Congress leader Rahul Ghandi … the latest of the Nehru-Gandhi family.

Yet in some quarters trends towards lower voter turnout in the first four phases of 2024 compared to 2019 have prompted growing political debate about the BJP’s Hindu nationalism.

Rishika Sadam and Fayaz Bukhari recently reported for Reuters that BJP Prime Minister Narendra Modu “has shifted focus from his economic record to accusing the Congress of planning to extend welfare benefits to Muslims at the expense of disadvantaged tribal groups and Hindu castes … Last month, he said the Congress planned to redistribute the wealth of majority Hindus among Muslims, who he referred to as ‘infiltrators’ who have ‘more children’ … Congress has denied making any such promises and has said Modi is rattled by the turnout, which the BJP denies … About 80% of India’s 1.4 billion people are Hindus but it also has the world’s third largest Muslim population of about 200 million people.”

(3) Since 1951 Hindu religion has fallen modestly in India, and Muslim religion risen

“States and union territories of India by spoken first language.”

As noted in our own first 2024 Indian election report, from a very long distance away in central Canada, “the Hindu religion … does still unite more than three-quarters of the Indian population.” But “Hindi as a language is not the mother tongue or even first language of a majority of the wider Indian community.” (See Map 2.)

Similarly, in some degree Narendra Modi’s 21st century Hindu nationalism is driven by a modest diminution in even the Hindu religion in India since the independent parliamentary democratic Republic of India began in the 1950s — and a parallel modest increase in the Muslim religion.

Attachment to the Hindu religion among the Indian population fell from 84.1% in 1951 to 79.8% in 2011, while Islam rose from 9.8% in 1951 to 14.2% in 2011. (And the third largest religious group, Christianity, was 2.3% in 1951 and 2.3% in 2011.)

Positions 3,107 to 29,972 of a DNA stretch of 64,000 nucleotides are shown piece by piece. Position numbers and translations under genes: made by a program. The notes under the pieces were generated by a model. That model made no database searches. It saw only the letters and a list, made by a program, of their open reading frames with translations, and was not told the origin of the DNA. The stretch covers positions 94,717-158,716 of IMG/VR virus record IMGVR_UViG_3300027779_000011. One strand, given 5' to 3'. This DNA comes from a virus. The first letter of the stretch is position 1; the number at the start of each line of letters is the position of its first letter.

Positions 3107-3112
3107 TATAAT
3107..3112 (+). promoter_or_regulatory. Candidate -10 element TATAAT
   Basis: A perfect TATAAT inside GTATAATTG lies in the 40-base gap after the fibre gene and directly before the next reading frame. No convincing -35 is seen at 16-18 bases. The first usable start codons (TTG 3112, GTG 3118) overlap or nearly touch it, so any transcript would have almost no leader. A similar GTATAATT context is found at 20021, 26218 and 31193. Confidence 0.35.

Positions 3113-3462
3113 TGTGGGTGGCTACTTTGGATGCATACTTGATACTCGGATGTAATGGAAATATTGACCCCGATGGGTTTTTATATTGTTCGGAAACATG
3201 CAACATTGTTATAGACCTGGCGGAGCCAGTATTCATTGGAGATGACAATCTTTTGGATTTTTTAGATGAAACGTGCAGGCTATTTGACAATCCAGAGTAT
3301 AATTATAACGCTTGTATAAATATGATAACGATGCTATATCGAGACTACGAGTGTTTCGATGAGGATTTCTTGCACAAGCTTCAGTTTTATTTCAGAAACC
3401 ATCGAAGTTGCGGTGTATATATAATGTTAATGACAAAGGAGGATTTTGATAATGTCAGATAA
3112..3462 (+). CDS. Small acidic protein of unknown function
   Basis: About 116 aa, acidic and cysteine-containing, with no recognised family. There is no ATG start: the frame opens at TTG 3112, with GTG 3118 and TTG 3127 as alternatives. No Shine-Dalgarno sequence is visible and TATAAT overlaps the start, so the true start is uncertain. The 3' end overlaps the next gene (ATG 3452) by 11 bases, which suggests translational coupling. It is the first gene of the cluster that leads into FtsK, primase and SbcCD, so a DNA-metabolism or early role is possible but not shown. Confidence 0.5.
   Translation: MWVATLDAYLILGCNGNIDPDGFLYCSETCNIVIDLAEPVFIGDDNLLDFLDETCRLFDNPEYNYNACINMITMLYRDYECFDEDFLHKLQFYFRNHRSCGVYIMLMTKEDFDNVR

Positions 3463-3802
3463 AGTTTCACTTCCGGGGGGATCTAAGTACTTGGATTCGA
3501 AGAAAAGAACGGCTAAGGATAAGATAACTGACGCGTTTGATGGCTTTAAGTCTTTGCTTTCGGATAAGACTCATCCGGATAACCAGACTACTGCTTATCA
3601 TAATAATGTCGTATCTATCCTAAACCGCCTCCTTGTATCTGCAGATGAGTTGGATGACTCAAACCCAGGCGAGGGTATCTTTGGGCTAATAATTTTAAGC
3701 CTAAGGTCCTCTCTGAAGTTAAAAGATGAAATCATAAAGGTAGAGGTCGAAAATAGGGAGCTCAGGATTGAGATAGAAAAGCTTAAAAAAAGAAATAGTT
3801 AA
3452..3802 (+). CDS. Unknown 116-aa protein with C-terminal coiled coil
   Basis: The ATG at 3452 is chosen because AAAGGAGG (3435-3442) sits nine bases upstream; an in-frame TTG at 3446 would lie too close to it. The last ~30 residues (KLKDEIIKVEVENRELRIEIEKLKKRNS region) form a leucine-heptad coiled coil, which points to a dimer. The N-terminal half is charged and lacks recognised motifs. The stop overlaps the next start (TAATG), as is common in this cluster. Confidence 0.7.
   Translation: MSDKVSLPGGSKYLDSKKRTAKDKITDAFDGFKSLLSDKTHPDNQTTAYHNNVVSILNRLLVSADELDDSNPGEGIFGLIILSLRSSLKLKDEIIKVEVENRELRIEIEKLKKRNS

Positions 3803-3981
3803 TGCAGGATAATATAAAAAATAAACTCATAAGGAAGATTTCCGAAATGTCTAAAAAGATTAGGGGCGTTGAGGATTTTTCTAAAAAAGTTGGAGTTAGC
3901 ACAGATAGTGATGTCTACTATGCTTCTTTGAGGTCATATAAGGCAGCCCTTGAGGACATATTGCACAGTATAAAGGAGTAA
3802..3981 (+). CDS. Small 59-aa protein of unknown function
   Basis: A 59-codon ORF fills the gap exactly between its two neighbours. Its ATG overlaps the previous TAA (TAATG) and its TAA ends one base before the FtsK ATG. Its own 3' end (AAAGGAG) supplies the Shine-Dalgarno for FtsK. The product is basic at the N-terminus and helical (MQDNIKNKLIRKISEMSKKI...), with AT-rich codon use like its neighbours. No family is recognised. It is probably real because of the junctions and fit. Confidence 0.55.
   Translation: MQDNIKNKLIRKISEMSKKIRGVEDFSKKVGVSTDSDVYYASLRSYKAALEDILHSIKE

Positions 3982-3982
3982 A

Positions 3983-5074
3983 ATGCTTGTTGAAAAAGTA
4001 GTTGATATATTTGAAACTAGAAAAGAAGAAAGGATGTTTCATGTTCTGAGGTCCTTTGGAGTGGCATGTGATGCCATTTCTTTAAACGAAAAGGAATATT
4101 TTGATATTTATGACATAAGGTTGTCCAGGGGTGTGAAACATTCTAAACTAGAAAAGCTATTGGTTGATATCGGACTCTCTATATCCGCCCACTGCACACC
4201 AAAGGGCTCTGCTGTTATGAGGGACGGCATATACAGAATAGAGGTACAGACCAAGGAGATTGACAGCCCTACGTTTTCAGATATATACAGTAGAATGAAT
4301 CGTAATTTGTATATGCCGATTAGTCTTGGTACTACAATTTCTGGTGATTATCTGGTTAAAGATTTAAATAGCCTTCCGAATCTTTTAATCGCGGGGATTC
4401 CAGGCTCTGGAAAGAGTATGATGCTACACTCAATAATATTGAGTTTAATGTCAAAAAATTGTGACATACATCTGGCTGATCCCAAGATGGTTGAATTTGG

(Meanwhile in 2011 Hindi “first language speakers” accounted for only 43.63% of the total population. And only 26.6% reported Hindi as its mother tongue! When second and third language speakers are added the share of Hindi speakers does rise to 57.09%. But second place in this same 1st-2nd-3rd language calculation goes to English at 10.67% .)


Women of India with fingers marked showing they have voted in the world’s largest democracy.

As things still look to us, Modi almost certainly will win his third term as prime minister on June 4. His BJP might not be as strong in the Lok Sabha as it has been for the past five years, but he will remain in firm command of the ship of state at the federal level in India.

For this BJP Hindu nationalist hegemony to be finally defeated the old Indian National Congress, that brought a secular and progressive independent Indian democracy into the real world in the middle of the 20th century, must somehow be reformed and re-energized , beyond the Nehru-Gandhi family and all that. Can such an urgent democratic reform in the world’s largest democracy finally happen? At this point we have absolutely no idea. (Stay tuned!)

Two by-elections change absolutely nothing in Ontario politics … maybe?

Posted: May 6th, 2024 | No Comments »
Michael Seward, Stirring Up the Past. 2024. Acrylic. 48” x54”.

ONTARIO NOTEBOOK. RANDALL WHITE, FERNWOOD PARK, TORONTO . MONDAY, MAY 6, 2024. Two Ontario by-elections this past Thursday, May 2, 2024 (“special elections” in US parlance) changed absolutely nothing in Ontario provincial politics.